Parents should be informed about screening
procedures and have the right to refuse screening, as well as the right
to keep the results private and confidential.
Parents should be informed about the benefits
and risks associated with newborn screening.
All of this can be a little confusing (and
anxiety-provoking!) for a new parent. The inconsistencies among state
requirements mean that there's no clear consensus on what's really
necessary. On the one hand, it's important to keep in mind that the
disorders being screened for are rare. On the other hand, no parent wants
to take any unnecessary chances with the quality of his or her child's
life - no matter how small the risk.
Traditionally, state decisions about what to
screen for have been based on weighing the costs against the benefits.
"Cost" considerations include:
And states often face conflicting priorities
when determining their budgets. For instance, a state may face a choice
between expanding newborn screening and ensuring that all expectant
mothers get sufficient
prenatal care. Of course, this offers little comfort to parents
whose children have a disorder that could have been found through a
screening test but wasn't.
So what can you do? Your best strategy is to
stay informed. Discuss this issue with both your obstetrician and your
future baby's doctor
before you give birth. Know what tests are routinely done in your state
and in the hospital where you'll deliver (some hospitals go beyond what is
required by state law). You may also want to ask your doctors about
supplemental screening - keep in mind, though, that you'll probably have
to pay for additional tests out of your own pocket.
If you're the parent of an infant and are
concerned about whether your child was screened for certain conditions,
ask your child's doctor for information about which tests were performed
and whether further tests are recommended.
What Disorders Will Be Screened for in My
Newborn screening varies by state and
is subject to change, especially given advancements in technology.
However, the disorders listed here are the ones typically included in
newborn screening programs and are listed in order from the most common
(all states screen for the first two) to least common (ranging from
three-fourths or one-half of states to just a few). Incidence figures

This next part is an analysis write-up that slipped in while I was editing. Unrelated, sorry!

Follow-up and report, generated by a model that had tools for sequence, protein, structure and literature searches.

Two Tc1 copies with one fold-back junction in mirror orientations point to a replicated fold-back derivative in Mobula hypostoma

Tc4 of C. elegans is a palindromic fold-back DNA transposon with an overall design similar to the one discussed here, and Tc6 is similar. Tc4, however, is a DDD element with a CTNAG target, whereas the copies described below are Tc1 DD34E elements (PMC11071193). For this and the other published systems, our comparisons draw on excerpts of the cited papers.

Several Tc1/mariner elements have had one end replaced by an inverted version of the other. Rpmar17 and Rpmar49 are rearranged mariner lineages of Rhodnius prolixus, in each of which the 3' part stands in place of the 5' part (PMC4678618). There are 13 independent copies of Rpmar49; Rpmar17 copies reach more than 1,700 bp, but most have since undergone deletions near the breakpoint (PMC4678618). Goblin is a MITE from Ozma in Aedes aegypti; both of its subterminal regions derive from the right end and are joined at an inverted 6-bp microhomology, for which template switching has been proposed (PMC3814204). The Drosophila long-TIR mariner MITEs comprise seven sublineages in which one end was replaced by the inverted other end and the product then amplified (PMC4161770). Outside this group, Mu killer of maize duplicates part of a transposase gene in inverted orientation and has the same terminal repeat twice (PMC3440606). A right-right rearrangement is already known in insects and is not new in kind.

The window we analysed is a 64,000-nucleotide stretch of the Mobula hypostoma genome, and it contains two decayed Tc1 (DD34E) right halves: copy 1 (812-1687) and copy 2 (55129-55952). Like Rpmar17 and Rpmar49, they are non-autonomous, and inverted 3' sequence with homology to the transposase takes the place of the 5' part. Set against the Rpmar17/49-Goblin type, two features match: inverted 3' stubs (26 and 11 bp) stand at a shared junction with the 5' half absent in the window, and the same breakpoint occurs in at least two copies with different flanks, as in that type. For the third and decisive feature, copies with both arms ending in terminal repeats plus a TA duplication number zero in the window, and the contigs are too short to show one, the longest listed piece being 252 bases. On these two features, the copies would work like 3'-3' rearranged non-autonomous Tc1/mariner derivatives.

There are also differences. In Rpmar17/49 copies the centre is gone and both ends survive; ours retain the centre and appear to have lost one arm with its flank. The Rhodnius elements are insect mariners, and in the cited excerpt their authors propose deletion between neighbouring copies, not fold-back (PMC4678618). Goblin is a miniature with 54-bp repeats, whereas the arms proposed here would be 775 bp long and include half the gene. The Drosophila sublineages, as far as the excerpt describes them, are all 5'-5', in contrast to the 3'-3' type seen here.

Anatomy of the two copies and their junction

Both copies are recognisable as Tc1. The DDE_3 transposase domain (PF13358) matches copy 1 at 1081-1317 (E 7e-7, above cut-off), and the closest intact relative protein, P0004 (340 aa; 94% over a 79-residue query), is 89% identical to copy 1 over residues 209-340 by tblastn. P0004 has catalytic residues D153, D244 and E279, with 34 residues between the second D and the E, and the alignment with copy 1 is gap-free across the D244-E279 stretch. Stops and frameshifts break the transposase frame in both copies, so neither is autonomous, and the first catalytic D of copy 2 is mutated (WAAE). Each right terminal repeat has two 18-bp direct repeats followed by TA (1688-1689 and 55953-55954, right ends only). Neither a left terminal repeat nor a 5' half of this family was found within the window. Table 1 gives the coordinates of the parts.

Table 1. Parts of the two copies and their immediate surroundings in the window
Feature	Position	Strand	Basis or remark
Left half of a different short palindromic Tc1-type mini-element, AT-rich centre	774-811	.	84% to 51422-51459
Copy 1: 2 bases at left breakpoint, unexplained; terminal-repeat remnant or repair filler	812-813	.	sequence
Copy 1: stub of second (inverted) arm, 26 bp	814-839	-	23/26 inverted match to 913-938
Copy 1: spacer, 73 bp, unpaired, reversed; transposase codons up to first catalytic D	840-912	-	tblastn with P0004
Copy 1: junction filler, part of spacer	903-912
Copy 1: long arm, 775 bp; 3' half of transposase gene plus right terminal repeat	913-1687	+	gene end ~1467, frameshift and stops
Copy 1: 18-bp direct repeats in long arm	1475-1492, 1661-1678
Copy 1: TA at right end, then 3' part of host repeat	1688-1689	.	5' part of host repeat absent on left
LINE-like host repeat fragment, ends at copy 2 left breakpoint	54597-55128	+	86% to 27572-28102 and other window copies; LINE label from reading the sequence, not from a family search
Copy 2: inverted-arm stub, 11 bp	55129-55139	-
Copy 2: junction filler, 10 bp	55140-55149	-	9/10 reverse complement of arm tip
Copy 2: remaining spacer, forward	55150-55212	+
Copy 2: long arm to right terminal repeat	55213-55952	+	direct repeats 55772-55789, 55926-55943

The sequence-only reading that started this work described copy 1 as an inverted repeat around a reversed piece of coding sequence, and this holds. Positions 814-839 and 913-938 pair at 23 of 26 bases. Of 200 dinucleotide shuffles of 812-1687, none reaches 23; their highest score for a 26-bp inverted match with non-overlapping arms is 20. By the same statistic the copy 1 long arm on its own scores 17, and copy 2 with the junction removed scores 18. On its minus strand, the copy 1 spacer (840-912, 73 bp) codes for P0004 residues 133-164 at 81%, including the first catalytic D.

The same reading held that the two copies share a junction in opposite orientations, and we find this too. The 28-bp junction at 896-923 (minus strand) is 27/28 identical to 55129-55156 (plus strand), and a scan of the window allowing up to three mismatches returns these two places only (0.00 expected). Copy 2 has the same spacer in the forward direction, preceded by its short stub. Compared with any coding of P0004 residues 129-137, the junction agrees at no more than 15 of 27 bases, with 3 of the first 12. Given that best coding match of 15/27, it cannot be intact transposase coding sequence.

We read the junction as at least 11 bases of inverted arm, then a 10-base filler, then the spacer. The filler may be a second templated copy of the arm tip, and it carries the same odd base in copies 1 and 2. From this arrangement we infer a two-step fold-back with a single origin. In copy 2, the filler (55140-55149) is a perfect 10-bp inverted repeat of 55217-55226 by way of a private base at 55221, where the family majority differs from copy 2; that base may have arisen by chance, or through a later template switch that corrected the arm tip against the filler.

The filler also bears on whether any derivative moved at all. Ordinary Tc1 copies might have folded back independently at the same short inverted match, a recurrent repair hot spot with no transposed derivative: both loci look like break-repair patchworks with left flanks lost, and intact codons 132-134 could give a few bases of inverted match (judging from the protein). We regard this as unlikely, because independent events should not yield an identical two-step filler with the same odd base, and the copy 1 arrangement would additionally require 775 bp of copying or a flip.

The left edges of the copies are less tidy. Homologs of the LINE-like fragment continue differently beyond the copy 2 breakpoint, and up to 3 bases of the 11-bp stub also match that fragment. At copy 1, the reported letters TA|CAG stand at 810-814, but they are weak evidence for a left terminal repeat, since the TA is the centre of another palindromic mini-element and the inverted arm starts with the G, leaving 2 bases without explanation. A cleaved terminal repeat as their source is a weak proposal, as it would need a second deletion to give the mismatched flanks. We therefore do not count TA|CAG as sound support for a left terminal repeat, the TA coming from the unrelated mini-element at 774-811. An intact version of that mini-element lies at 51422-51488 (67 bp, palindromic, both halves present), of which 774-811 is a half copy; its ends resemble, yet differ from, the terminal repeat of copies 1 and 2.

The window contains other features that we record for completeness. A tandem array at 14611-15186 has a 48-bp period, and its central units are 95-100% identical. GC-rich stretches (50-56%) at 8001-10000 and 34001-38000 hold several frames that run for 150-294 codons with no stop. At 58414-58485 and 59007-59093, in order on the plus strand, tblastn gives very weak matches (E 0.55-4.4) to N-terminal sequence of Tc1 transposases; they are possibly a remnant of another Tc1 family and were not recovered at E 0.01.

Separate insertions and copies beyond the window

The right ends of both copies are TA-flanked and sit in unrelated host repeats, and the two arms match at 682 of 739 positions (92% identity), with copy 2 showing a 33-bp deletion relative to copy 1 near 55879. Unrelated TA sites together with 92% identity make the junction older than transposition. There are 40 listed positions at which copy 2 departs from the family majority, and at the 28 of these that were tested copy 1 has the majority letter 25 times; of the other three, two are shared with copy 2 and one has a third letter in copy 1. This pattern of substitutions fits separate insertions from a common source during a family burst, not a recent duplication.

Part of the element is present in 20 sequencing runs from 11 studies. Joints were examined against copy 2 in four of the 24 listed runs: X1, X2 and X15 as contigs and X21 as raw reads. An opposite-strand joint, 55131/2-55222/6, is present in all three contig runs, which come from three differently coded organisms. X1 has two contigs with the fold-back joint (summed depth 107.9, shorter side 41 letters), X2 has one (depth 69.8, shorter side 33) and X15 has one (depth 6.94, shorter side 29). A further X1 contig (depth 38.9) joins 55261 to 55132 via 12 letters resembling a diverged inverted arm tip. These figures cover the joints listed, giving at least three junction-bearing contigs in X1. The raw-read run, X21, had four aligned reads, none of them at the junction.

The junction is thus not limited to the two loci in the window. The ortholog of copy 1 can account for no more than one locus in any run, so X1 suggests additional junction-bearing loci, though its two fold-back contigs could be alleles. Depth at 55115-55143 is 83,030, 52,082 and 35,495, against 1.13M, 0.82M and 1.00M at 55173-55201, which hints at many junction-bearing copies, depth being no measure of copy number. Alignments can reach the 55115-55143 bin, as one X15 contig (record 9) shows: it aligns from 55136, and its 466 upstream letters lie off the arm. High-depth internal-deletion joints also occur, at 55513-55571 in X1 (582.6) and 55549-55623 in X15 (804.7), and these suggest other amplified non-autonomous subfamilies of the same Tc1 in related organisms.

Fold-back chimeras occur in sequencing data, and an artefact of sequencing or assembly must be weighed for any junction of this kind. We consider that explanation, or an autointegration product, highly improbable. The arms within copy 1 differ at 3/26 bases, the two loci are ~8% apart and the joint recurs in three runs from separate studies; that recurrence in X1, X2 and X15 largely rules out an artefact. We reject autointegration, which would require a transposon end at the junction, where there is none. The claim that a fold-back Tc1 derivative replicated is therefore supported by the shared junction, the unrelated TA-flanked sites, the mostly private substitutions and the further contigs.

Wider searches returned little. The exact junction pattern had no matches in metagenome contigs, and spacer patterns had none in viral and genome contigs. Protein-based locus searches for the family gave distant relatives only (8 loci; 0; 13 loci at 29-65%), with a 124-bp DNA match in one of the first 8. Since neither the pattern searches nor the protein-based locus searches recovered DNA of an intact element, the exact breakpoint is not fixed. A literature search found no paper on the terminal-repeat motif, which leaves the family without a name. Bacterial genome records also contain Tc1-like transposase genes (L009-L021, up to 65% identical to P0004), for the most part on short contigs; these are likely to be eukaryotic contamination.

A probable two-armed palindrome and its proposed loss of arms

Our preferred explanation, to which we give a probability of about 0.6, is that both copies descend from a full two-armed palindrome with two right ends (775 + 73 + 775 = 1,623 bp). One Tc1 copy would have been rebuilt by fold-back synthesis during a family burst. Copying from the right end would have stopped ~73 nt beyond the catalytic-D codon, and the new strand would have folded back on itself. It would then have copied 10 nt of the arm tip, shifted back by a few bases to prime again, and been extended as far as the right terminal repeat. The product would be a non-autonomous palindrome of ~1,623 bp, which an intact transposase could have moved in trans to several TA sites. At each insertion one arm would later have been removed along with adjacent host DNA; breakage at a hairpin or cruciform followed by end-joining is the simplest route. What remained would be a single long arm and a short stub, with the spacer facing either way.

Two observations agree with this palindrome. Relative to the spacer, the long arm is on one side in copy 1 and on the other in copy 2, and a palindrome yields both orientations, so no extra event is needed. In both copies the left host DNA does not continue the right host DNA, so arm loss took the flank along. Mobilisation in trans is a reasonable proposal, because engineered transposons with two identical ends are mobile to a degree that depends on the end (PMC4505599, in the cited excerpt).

included in this list are according to a 1996 AAP policy statement.
this disorder is detected early,
feeding an infant a special formula low in phenylalanine can
prevent mental retardation. A low-phenylalanine diet will need to be
followed throughout childhood and adolescence and perhaps into adult
life. This diet cuts out all high-protein foods, so people with PKU
often need to take a special artificial formula as a nutritional
substitute. Incidence: 1 in 10,000 to 25,000.
This is the disorder most commonly identified by routine screening.
Affected babies don't have enough thyroid hormone and so develop
retarded growth and brain development. (The thyroid, a gland at the
front of the neck, releases chemical substances that control metabolism
and growth.) If the disorder is detected early, a baby can be treated
with oral doses of thyroid hormone to permit normal development.
Incidence: 1 in 4,000.
Babies with galactosemia lack the enzyme that converts galactose (one of
two sugars found in lactose) into glucose, a sugar the body is able to
use. As a result, milk (including
breast milk) and other dairy products must be eliminated from
the diet. Otherwise, galactose can build up in the system and damage the
body's cells and organs, leading to blindness, severe mental
retardation, growth deficiency, and even death. Incidence: 1 in 60,000
Sickle cell disease is an inherited blood disease in which red blood
cells stretch into abnormal "sickle" shapes and can cause episodes of
pain, damage to vital organs such as the lungs and kidneys, and
even death. Young children with sickle cell disease are especially prone